6 Detainees Repatriated By Military

By Josh White
Washington Post Staff Writer
Wednesday, June 20, 2007

Six detainees were transferred this week out of the U.S. military detention facility at Guantanamo Bay, Cuba, including one detainee who was returned to Tunisian authorities over the objections of his attorneys amid fears that he will be tortured by a government known for human rights violations.

Defense Department officials announced yesterday that four men were transferred to Yemen and two others to Tunisia, bringing the detention facility's population down to approximately 375. About 75 other detainees have been cleared for release or transfer but await arrangements for their departure from Guantanamo.

Several of those detainees are slated to go to countries with questionable human rights records.

"Detainees who are cleared for transfer resulting from the annual administrative review boards depart Guantanamo once their respective governments provide credible assurances that they will be treated humanely and that the countries will take steps to mitigate the threat that these individuals pose to the United States and its allies," said Navy Cmdr. J.D. Gordon, a Pentagon spokesman.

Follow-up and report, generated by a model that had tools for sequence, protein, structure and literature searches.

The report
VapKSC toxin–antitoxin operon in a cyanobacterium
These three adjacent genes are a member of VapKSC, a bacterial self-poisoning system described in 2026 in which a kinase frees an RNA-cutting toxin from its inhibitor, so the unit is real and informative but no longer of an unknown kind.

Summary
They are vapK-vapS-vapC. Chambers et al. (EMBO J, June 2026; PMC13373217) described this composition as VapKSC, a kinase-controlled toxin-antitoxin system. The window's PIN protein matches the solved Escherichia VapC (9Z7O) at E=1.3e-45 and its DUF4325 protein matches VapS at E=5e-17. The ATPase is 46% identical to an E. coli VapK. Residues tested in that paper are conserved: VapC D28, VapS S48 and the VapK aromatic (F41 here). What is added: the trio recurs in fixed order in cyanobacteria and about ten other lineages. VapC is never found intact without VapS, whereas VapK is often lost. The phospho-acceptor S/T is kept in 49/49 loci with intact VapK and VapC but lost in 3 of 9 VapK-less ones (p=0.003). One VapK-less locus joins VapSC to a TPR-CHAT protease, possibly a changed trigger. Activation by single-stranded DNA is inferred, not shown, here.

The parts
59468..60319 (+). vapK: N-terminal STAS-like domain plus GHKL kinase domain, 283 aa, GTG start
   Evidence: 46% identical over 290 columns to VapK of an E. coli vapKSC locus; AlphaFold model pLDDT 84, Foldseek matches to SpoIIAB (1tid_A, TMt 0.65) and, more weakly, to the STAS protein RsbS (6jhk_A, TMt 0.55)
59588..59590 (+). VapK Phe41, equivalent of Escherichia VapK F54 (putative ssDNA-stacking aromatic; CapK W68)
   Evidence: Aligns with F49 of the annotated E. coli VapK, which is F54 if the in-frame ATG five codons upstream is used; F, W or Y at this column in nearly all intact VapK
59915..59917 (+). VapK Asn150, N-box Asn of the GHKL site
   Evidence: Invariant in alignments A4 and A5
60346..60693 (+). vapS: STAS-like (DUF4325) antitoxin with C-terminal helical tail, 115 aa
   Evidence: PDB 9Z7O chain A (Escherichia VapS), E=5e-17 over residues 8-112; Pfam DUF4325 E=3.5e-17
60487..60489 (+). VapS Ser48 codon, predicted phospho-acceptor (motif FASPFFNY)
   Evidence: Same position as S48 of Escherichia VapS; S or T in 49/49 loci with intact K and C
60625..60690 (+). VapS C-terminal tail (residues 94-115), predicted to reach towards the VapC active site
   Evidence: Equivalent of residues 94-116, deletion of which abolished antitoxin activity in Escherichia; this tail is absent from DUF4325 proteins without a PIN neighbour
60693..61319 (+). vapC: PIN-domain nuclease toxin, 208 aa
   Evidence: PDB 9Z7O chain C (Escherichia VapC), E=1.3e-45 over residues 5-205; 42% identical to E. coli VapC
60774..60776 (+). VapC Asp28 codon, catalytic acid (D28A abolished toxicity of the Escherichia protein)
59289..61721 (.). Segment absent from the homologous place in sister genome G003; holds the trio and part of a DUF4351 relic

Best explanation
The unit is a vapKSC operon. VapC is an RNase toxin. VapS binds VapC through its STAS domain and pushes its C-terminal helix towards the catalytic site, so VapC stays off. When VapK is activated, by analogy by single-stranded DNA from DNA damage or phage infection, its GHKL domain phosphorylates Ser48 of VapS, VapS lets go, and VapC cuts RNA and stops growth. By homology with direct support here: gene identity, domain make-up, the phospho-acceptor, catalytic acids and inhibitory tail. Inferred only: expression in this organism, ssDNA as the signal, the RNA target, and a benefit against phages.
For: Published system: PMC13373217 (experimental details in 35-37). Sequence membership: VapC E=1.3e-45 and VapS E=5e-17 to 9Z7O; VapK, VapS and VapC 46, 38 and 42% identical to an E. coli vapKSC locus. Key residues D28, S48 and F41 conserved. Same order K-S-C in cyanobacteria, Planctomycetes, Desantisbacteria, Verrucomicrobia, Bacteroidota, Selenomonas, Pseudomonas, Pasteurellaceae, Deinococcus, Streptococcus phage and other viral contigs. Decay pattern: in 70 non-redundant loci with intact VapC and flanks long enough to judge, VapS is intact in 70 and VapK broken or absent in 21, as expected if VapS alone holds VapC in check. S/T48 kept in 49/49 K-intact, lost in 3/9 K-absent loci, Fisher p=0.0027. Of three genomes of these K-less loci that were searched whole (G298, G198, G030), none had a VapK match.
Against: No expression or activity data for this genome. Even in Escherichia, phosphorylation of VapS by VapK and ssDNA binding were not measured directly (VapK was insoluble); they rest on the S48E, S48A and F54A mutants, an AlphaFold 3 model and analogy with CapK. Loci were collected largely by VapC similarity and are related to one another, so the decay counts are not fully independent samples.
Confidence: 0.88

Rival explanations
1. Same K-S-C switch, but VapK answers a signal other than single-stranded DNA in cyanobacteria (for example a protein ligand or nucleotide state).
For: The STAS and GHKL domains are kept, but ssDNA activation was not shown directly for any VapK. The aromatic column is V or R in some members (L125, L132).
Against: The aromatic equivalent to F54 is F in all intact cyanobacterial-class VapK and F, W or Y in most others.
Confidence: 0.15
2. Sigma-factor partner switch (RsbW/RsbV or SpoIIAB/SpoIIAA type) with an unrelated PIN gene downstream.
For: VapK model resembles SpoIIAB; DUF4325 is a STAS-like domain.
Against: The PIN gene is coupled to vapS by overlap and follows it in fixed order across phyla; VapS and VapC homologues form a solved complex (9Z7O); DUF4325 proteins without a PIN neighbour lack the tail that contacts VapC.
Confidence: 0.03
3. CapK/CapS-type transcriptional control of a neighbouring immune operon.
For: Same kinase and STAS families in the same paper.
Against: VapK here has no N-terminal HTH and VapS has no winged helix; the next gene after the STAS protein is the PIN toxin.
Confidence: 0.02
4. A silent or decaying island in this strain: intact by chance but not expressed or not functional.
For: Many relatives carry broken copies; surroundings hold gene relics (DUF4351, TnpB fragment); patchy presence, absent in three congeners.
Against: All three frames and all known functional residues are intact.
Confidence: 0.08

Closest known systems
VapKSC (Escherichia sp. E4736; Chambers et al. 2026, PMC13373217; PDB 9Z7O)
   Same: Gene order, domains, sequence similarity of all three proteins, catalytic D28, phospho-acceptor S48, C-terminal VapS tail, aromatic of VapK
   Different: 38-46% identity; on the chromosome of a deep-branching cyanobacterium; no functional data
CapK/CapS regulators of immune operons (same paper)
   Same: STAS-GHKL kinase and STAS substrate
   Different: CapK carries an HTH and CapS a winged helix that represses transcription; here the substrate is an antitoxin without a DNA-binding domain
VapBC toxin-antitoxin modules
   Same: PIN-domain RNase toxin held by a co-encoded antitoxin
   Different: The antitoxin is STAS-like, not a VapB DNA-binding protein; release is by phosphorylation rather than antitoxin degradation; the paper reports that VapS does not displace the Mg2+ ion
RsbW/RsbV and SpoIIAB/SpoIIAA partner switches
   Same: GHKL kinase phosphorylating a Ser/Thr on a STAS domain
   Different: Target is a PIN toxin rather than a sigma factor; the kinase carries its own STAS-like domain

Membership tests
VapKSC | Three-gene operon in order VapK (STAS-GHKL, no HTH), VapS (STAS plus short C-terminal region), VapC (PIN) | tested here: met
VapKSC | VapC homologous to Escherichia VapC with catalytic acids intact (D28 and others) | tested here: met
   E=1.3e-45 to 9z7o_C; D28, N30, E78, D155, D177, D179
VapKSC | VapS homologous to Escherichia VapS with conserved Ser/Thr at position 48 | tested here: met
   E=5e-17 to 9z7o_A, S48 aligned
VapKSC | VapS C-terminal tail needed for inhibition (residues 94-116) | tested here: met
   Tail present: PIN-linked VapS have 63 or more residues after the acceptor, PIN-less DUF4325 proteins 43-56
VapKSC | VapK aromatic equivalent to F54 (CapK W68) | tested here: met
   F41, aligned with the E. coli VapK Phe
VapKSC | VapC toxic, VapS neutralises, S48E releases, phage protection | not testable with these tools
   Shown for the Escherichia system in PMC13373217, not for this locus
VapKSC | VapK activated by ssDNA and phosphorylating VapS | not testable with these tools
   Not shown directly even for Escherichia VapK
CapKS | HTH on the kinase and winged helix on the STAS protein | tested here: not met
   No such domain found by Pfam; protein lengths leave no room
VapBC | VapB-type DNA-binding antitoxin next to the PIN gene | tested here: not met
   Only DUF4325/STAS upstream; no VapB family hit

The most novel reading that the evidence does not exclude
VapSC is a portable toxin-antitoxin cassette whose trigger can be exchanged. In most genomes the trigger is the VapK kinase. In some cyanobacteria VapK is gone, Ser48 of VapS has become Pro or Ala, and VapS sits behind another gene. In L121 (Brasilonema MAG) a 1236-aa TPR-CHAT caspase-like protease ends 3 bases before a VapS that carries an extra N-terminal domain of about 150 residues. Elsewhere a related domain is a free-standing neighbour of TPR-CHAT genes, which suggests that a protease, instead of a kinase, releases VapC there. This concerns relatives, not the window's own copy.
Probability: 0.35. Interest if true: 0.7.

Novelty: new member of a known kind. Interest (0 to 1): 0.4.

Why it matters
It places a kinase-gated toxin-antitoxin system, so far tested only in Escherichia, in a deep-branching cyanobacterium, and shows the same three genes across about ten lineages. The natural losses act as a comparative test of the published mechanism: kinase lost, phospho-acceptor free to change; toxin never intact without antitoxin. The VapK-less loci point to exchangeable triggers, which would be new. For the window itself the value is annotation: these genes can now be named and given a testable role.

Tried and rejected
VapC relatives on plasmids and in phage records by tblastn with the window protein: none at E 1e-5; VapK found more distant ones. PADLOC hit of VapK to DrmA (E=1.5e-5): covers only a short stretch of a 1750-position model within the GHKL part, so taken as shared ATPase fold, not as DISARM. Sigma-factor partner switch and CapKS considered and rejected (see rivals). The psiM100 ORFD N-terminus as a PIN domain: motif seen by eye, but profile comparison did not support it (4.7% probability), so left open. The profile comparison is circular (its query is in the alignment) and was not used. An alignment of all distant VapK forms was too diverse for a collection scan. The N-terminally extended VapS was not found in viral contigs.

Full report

The State Department has criticized Tunisia's human rights record. One of the two men who returned to Tunisia on Sunday, Abdullah bin Omar, was convicted in absentia in the early 1990s for his alleged involvement in an Islamist opposition party and could face up to 23 years in prison.

"Abdullah bin Omar was cleared by the United States, found not to be a threat and not to have information about terrorism," said Zachary Katznelson, senior counsel for Reprieve, a British legal advocacy group representing Omar. "But the U.S. has not apologized and set him free after five years in Guantanamo. Instead, he has been shipped to Tunisia, where abuse and possibly torture await him."

A Libyan detainee who has been fighting his repatriation over fears that he will be tortured has not yet been sent to Libya. U.S. officials said yesterday that a plan to send him there has been postponed.


© 2007 The Washington Post Company